People who know me well, know that I love movies!
This past weekend the film Jurassic World was released. Which, of course, led to me watching Jurassic Park (the original (and best) film in the series) in preparation for maximum enjoyment of the new film.
My favorite line from the film Jurassic Park is when Jeff Goldblum’s character (an expert in chaos theory) says to the developer/”mad scientist” who brought dinosaurs back from extinction – did you ever stop to ask “just because we can, does it mean we should?”
It is this question that comes to my mind often in my work.
Professional competency is a journey rather than a destination!
Competence should always be under development. Yet it is not uncommon for confidence to trump competence. This leads to rush…..rush….rushing toward potentially high-risk actions with little to no awareness of the risk itself.
Actions such as opening a business whose reimbursement model you don’t fully understand due to
(a) lack of experience, and/or
(b) lack of development of that specific competency through training and supervision.
A license to practice as a mental health professional permits one to provide – without supervision – an array of services to the public. As a result, there are numerous ethical (not to mention legal) risk factors.
This is an awesome responsibility that should be respected and generate some fear with regard to proper preparation for practice and continued practice.
In fact, when I encounter colleagues who never express trepidation about the risks of practice, it represents to me a dangerous underestimation of all there is to learn and know.
I am not suggesting that we become so paralyzed that we can’t proceed.
Only that we stop to ask –“just because I can, does it mean I should?”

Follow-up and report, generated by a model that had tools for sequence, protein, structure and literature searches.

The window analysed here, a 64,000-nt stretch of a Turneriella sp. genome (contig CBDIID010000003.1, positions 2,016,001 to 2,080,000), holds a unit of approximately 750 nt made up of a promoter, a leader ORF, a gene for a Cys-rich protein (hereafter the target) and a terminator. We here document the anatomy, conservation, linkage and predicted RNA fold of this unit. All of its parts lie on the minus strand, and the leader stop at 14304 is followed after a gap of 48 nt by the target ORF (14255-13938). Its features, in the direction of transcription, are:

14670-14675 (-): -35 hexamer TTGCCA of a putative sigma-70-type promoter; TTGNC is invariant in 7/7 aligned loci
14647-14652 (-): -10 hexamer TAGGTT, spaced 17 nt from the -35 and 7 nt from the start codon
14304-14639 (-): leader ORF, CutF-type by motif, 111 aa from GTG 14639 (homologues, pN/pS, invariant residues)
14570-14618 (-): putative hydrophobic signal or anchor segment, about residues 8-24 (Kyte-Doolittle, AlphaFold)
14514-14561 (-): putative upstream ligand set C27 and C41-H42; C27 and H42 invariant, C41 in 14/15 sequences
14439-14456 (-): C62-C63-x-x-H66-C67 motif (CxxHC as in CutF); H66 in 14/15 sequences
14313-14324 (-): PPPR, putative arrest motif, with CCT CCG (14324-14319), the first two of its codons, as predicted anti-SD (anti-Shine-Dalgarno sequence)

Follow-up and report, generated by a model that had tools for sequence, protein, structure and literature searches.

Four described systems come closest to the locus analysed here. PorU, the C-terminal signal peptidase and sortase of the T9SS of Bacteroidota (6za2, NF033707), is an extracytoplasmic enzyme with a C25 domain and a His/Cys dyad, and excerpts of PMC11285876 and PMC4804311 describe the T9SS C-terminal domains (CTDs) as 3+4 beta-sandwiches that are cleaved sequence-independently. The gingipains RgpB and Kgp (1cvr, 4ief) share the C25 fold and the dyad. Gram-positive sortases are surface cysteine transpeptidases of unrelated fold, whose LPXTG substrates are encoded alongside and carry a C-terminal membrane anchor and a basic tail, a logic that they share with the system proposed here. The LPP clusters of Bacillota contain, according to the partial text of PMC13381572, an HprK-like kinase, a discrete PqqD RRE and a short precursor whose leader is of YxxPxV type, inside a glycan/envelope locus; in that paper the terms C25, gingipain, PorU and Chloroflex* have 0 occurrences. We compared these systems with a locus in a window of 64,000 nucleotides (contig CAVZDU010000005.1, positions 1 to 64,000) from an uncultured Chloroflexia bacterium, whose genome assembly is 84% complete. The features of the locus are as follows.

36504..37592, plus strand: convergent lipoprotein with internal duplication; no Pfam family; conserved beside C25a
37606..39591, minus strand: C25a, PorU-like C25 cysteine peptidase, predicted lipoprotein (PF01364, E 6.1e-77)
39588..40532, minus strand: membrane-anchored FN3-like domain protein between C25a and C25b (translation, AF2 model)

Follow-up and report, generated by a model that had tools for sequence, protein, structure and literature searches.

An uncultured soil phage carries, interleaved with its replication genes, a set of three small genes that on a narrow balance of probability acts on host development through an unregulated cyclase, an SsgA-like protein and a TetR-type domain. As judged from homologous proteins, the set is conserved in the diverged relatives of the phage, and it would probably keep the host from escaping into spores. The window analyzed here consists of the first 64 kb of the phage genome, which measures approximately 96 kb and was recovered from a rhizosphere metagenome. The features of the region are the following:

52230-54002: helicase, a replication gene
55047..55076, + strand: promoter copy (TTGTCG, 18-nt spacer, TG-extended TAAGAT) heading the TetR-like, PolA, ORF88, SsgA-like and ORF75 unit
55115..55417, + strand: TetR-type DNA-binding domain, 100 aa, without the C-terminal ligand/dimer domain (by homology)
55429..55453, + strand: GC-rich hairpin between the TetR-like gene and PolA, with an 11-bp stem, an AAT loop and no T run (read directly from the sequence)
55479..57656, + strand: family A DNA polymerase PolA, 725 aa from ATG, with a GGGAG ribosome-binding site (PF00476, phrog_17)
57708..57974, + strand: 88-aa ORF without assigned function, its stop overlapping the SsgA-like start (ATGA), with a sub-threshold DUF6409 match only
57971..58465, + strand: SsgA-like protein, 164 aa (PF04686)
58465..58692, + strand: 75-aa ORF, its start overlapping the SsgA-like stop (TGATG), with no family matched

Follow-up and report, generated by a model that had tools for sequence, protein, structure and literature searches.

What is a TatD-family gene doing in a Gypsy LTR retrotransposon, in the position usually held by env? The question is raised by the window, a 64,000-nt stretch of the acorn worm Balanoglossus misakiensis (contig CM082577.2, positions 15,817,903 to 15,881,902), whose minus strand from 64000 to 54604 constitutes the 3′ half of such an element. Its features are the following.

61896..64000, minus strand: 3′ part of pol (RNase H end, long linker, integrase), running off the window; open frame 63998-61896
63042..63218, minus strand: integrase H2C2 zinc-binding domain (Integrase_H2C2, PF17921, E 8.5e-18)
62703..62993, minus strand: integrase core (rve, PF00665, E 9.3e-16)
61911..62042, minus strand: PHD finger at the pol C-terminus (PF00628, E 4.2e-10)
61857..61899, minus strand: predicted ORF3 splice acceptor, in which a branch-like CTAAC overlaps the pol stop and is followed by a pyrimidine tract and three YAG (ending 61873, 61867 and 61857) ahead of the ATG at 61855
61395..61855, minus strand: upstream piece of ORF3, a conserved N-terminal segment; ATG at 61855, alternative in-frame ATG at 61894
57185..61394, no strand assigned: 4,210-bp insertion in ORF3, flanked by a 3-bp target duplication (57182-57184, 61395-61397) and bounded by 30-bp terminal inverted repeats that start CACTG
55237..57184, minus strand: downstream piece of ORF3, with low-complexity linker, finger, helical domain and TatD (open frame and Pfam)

- Should I provide couples counseling if I have not received training and supervision/consultation?
- Should I train others on topics in which I do not have sufficient expertise?
- Should I start a CORE agency (community “in home” counseling services reliant on medicaid or government 3rd party payment) merely because I’ve worked in one before?
- Should I accept a supervision position because I long to distance myself from “having to see clients” if I have developed neither many years of practice experience nor supervision experience or training?
- Should I provide substance abuse treatment or anger management (violence intervention) if I don’t have training and supervision/consultation or certification in those areas of practice?
Just because someone offers you the opportunity to do something, that in itself should not be the primary determinant for accepting the proposal.
The determinant should always be your real-world experience, training, and consultation/supervision. One out of three is not sufficient.
It may appear that there is no harm, but there is risk inherent in all of the work that we do… it should never be taken lightly.
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